It’s a question I’ve heard more than you’d think.

Icewine has been around forever. The Germans have been making it for centuries and while eiswein as they call it, can be made whenever enough grapes freeze on the vine, even in coolerclimate Germany, it doesn’t happen often or early enough to make it an every year treat.

Icewine is – simply put – wine made from frozen grapes. With the advent of modern refrigeration, one could freeze grapes anywhere in the world, press and ferment them, and make ice wine. Though anyone interested in making a good or quality-driven icewine (it is one word in Canada), those grapes are best when frozen on the vine.

Icewine is expensive for several reasons, starting with the fact that pressing a frozen grape only yields a small amount of highly concentrated sugary juice. Ripe grapes left on the vine are a treat for every passing bird or bear, and as fall turns intowinter, the wild beasts make a banquet of remaining grapes. The temperature has to fall to below about -10º C for several hours and stay there long enough for the pickers to rush their soon to be frozen behinds (often in the middle of the night) to pick grapes and rush them into the press. Finally, making good icewine isn’t easy and it takes skill and experience to turn the juice into good icewine.

Once released, the icewine is typically sold in half size bottles that usually retail for more than $50 and often more than $100 for 375 mL. Remember the Germans? Well they get good conditions for eiswein about once or twice a decade. Canada? Winter comes every year. We got really good at icewine really fast.

Canadian icewine is (and should be) in the pantheon of the great dessert wines like Sauternes, Sherry, Port, and others – though it is a little sweet for some. But given our fairly recent timeline of quality winemaking in Canada, I decided to pull out all sorts of weird icewines from the cellar and beg a few other bottles to see if in fact, icewine does age gracefully.

These wines are generally no longer available for retail purchase, and the estimated prices reflect scarcity, auction values or similar.

Gehringer Brothers Minus 9 2009 Ehrenfelser Icewine
Okanagan Valley, British Columbia
Deep colouring, with great varietal character, spice, lemon, apricot. Really nice acidity to balance the sugar – showing very, very well. Currently $42 estimated value $75.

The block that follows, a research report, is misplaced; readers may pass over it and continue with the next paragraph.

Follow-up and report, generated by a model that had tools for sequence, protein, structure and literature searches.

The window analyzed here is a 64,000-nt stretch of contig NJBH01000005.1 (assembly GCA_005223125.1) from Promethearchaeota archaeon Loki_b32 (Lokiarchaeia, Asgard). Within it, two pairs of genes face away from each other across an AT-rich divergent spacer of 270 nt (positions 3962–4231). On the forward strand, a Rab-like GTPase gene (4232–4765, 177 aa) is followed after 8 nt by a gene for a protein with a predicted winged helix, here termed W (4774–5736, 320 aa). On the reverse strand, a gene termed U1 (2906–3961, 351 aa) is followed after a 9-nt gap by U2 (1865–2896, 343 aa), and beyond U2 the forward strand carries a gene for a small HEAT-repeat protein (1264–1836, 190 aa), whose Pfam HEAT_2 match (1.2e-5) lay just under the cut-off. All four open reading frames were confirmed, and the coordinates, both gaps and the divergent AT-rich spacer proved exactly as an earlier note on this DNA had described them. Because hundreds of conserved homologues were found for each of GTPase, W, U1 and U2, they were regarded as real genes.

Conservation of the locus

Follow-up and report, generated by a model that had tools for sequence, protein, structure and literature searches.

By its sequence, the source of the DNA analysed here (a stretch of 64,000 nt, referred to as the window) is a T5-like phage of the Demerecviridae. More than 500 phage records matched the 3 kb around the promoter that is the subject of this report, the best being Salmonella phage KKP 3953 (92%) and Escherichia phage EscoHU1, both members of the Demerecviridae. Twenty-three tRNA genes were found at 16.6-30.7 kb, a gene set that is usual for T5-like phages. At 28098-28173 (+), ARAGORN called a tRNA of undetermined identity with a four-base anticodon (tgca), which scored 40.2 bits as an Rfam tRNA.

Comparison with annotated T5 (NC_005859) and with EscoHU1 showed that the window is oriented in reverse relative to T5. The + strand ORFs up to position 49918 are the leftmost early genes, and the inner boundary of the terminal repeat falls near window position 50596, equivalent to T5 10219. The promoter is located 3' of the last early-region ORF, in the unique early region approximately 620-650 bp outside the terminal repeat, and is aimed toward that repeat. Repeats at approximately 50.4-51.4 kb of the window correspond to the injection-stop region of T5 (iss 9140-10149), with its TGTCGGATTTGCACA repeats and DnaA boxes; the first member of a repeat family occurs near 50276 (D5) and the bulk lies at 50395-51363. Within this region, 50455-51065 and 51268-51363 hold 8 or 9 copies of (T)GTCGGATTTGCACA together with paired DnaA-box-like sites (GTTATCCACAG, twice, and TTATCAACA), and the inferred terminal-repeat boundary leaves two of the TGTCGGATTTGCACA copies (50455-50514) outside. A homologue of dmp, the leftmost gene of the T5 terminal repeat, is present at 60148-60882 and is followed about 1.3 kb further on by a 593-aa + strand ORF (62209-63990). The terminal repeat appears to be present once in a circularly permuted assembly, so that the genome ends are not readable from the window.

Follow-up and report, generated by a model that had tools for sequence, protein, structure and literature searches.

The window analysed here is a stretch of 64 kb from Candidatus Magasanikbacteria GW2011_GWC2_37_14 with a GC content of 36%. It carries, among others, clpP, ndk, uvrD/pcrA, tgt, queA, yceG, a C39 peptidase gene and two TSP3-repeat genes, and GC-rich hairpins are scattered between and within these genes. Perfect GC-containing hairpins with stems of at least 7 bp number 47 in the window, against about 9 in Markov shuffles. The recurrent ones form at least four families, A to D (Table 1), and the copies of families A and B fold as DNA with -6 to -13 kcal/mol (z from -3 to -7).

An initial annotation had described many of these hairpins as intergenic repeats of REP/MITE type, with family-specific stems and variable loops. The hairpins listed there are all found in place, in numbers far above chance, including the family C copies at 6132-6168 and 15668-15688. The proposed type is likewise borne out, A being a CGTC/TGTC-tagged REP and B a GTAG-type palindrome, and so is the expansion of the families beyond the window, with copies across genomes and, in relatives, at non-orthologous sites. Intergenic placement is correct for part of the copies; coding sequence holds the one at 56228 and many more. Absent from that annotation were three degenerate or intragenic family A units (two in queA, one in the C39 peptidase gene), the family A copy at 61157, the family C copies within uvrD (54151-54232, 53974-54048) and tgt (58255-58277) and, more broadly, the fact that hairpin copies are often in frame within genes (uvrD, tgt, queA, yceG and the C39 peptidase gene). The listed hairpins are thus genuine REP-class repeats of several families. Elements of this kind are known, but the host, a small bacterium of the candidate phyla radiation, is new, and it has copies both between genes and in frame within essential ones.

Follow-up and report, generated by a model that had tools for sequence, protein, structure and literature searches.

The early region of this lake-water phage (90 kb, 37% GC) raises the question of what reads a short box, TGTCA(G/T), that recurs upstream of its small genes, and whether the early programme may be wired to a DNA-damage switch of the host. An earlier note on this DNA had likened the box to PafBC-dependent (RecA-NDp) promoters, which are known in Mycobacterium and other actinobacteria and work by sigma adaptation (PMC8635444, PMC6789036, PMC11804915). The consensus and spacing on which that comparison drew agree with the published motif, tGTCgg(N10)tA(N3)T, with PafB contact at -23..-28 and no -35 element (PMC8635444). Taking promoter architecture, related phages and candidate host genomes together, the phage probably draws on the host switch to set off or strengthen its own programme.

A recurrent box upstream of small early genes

Sumac Ridge 2005 Gewurztraminer Icewine
Okanagan Valley, British Columbia
Orange gold colouring with lychee, mandarin orange, honey, and hints of sponge toffee. Still unctuous with acids well balanced, showing some development to the fruits, but very enjoyable even now. No longer being made, estimated value around $60.

Jackson-Triggs 2005 Proprietors Reserve Vidal Icewine
Niagara Peninsula, Ontario
The big hybrid for icewine is holding up well, lemons and apricot with a little of that “vinyl” character vidal is known for. This beauty has balanced acids, great fruits, and a long finish. Still many years left here. About $80.

Pillitteri Estates 2007 Vidal Icewine
Niagara Peninsula, Ontario
Yellow-orange moving to tawny in colour, aromas are of canned peaches, lemon, beach ball, and lemon scented wax. Starting to wobble, the acids aren’t quite balanced by the sweetness and fruits are oxidizing. Value about $90.

Summerhill Pyramid Winery 2004 Zweigelt
Okanagan Valley, British Columbia
A red icewine made with the zweigelt grape, it’s moving to brown with colour similar to 10 year tawny port. Aromas are herb and vegetable leaf with dried cherry fruit and mahogany wood. Sorry, this one is a bit over the hill, a bit like eating sweetened, cinnamon-dusted sawdust. 2007 is current vintage at $148.

Magnotta 2007 Cabernet Franc Icewine
Niagara Peninsula, Ontario
A bit more redness to this red icewine, but still quite brown. Aromas are subdued with pepper and dried wood over softer bruised fruits. A little tired but wow, this is tasty. Maraschino cherries, spice, and a little summer fruit. Very interesting. Worth about $75.

Chateau des Charmes 2004 and 2007 Paul Bosc Vineyard Riesling Icewine 
St. David’s Bench, Ontario
Neither cork was in great shape, but those are the breaks. The ‘04 is significantly darker than the ‘07 but aromas were pretty consistent. Both had high-toned citrus aromas, though the ‘04 was more honeyed. Acids were pleasant all around, though the wines were exceptionally sweet. Drink or keep. Current vintage is about $65 at the winery; these two bottles should be valued about $120-140 each.

Tinhorn Creek 2006 Kerner Icewine
Okanagan Valley, British Columbia
The 2006 is still quite bright and pale, with floral aromas, apple core, and lemon pie on the nose. Still excellent, some minor bottle development is bringing subtle layers of caramel – awesome. I prefer this one over the recent vintages of the same wine. Valued about $40 per 200mL for current vintage.

Nk’Mip Cellars 2009 Qwam Qwmt Riesling Icewine
Okanagan Valley, British Columbia
Bright yellow in the glass with lemon, mineral, apricots, and a touch of apple cider on the nose. Again quite sweet, but zingy acids cut through and bring some balance. The lemon fruits are just starting to move to dried lemons, but this is going to go for a while yet. Excellent. $52 at the winery, current value – about $80.

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